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Design an Evaluation Plan to Measure End Results and Your Return on Investment

We’ve already discussed selecting an intervention strategy to reduce the performance gap between the needed performance to bring the desired end results and the actual workplace performance. Now we will discuss designing an evaluation measurement strategy so that you know when the desired performance has been met. This section briefly discusses scientific methods to evaluate the results of the intervention and to measure the ROI. Let’s start with a brief review of the origins of measuring the ROI for performance interventions.

In the beginning, intervention evaluation was most prominent in the training classroom when evaluation was desired. Unfortunately, most training evaluation encompassed and still encompasses what performance professionals call “smiley face evaluation.” This is a brief questionnaire at the end of the training session that asks the participants if they liked the course, if they liked the facility, if they liked the instructor, and if the coffee and donuts were good. In other words, did they have fun, and do they want to do it again? From a measurement perspective, such a questionnaire tells us if we have workers who like to take time away from their jobs and sit in a classroom enjoying the presentation, facility, coffee, and donuts. What we do not know is if the training intervention had a positive impact on the desired end results.

Interest is growing in results-based performance improvement interventions that are linked to the organization’s strategic plan. This is visible through the interest in going beyond the traditional four steps for evaluating training programs (assessing the reaction, learning, behavior, and results) and calculating the ROI for training (Kirkpatrick, 2006; Phillips, 1997, 2011). See Figure 1.6.

Figure 1.6

Figure 1.6. Evaluating and measuring training

We argue that an ROI strategy should always be employed before the design, development, and deployment of a performance intervention. Doing so ensures that the best intervention was selected and that the intervention is designed to bring the desired end results. Indeed, as Covey (2004) maintained that you should always begin with the end in mind, we too have always considered the desired end result before initiating any performance intervention. So to begin with the end in mind, we will walk through our five-step ROI process (see Figure 1.7).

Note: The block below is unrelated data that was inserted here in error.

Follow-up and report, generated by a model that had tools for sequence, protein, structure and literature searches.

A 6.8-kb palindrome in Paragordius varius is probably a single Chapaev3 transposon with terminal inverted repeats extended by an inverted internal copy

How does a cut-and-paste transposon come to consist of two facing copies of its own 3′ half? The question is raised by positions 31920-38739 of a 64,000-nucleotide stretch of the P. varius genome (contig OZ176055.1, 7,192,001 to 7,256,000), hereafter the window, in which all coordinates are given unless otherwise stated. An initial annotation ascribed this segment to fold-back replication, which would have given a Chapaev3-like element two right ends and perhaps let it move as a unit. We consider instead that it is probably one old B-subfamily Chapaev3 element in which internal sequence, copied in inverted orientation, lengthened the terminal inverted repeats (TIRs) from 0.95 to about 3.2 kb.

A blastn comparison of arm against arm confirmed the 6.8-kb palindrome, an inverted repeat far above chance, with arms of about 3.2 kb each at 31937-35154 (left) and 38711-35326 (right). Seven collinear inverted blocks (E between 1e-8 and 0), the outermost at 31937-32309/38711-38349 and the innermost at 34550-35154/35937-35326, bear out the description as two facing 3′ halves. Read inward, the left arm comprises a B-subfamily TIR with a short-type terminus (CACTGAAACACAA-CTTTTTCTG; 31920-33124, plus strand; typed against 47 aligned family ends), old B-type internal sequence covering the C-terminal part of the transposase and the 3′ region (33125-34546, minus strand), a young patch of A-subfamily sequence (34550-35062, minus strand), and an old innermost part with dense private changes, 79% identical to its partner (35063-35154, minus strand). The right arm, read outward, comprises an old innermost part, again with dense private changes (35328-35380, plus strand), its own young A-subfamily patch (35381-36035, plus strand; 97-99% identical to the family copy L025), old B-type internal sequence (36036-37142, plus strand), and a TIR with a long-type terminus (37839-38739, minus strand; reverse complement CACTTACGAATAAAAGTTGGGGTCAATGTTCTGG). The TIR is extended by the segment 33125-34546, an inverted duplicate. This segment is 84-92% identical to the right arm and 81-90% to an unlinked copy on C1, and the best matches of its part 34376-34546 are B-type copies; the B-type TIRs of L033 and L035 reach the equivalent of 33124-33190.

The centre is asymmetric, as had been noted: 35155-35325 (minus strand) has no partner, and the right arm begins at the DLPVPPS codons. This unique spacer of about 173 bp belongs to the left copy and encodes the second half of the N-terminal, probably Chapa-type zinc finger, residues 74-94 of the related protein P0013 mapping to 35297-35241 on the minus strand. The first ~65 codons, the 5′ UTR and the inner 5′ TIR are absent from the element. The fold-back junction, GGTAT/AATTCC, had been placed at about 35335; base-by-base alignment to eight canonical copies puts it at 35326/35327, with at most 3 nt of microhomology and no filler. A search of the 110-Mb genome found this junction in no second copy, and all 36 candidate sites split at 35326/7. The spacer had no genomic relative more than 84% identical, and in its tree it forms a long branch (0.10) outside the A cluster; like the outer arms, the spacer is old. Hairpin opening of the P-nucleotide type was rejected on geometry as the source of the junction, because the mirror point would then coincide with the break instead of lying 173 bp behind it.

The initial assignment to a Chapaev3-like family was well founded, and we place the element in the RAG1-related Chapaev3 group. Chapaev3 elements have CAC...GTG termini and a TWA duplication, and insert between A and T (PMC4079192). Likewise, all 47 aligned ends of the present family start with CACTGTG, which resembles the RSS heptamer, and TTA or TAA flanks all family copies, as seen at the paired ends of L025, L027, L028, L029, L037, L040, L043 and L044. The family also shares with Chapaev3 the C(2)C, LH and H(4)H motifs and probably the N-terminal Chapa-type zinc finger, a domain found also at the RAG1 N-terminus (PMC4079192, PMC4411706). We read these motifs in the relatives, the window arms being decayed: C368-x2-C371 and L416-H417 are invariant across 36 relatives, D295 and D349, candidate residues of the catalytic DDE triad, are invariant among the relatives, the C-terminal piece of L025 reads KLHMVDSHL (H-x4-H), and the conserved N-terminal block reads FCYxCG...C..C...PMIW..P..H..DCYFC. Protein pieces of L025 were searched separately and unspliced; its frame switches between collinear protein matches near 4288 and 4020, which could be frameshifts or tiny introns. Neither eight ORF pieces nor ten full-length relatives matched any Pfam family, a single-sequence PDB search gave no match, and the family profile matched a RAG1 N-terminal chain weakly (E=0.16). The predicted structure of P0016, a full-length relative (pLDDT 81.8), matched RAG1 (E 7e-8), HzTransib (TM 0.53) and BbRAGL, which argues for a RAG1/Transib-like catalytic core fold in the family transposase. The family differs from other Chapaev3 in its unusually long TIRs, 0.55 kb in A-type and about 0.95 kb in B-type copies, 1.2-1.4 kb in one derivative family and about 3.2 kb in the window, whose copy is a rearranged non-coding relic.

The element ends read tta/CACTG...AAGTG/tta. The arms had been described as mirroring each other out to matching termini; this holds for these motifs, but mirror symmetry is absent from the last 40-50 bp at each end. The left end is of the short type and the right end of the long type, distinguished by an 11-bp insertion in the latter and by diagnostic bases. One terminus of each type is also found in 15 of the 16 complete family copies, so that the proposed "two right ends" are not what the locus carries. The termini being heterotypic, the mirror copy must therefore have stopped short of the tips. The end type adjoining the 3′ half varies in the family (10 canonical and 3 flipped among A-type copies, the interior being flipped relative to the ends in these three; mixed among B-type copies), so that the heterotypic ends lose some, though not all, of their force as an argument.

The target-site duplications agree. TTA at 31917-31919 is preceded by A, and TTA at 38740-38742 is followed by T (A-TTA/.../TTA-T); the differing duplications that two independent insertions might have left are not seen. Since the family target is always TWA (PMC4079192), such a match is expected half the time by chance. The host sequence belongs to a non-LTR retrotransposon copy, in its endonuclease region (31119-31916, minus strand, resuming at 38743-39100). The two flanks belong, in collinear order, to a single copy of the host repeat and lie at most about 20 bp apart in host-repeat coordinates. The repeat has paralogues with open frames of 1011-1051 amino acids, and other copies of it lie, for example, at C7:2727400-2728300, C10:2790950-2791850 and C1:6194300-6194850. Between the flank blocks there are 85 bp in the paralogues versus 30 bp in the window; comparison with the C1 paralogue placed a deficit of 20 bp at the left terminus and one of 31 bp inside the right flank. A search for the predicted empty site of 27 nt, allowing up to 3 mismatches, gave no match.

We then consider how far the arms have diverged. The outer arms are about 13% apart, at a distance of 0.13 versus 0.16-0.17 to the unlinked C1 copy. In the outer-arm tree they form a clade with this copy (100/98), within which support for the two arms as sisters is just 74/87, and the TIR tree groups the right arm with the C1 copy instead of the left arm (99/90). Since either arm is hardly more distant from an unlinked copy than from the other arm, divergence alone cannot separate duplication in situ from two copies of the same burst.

Figure 1.7

Figure 1.7. Five-step ROI process

Our ROI model involves five basic steps that seem simple yet are often complex. The following list discusses the steps and how to overcome barriers to conducting an ROI process:

  1. Collect, evaluate, and isolate tangible and intangible data concerning the effects of a performance intervention.
  2. Convert the isolated effects of a performance intervention into a monetary value.
  3. Calculate the total cost of a performance intervention.
  4. Calculate the net benefit of a performance intervention by subtracting the total performance intervention costs from the total performance intervention benefits.
  5. Calculate the ROI by dividing the net performance intervention benefits from step 4 by the training program costs from step 3 and then multiplying the product by 100.

Figure 1.8 mathematically depicts the ROI process. We take the monetary value of the effects of performance intervention and subtract the cost of performance intervention to get the net benefit of performance intervention. Then we divide the net benefit of performance intervention by the total cost of performance intervention to calculate the ROI. Because we are used to looking at the ROI in percentages, we multiply the ROI by 100 to calculate the return-on-investment percentage, which we call ROI %.

Figure 1.8

Figure 1.8. ROI model

The literature provides numerous case studies and detailed descriptions of the ROI process for determining the effectiveness of a performance intervention. As you can see from our model, the math and five-step ROI process appear linear and simple. However, sometimes distinct peculiarities hinder an organization’s data collection for an ROI process. To overcome these barriers to data collection, we employ the scientific method of hypothetical-deductive reasoning to evaluate the effectiveness of the intervention. Appendix A provides more details on the methods we use to determine the program costs and to measure the effects of the performance intervention that may be used by organizations with similar issues. After we have a strategy in place to measure the desired end results, we can design, develop, and deploy the performance intervention.

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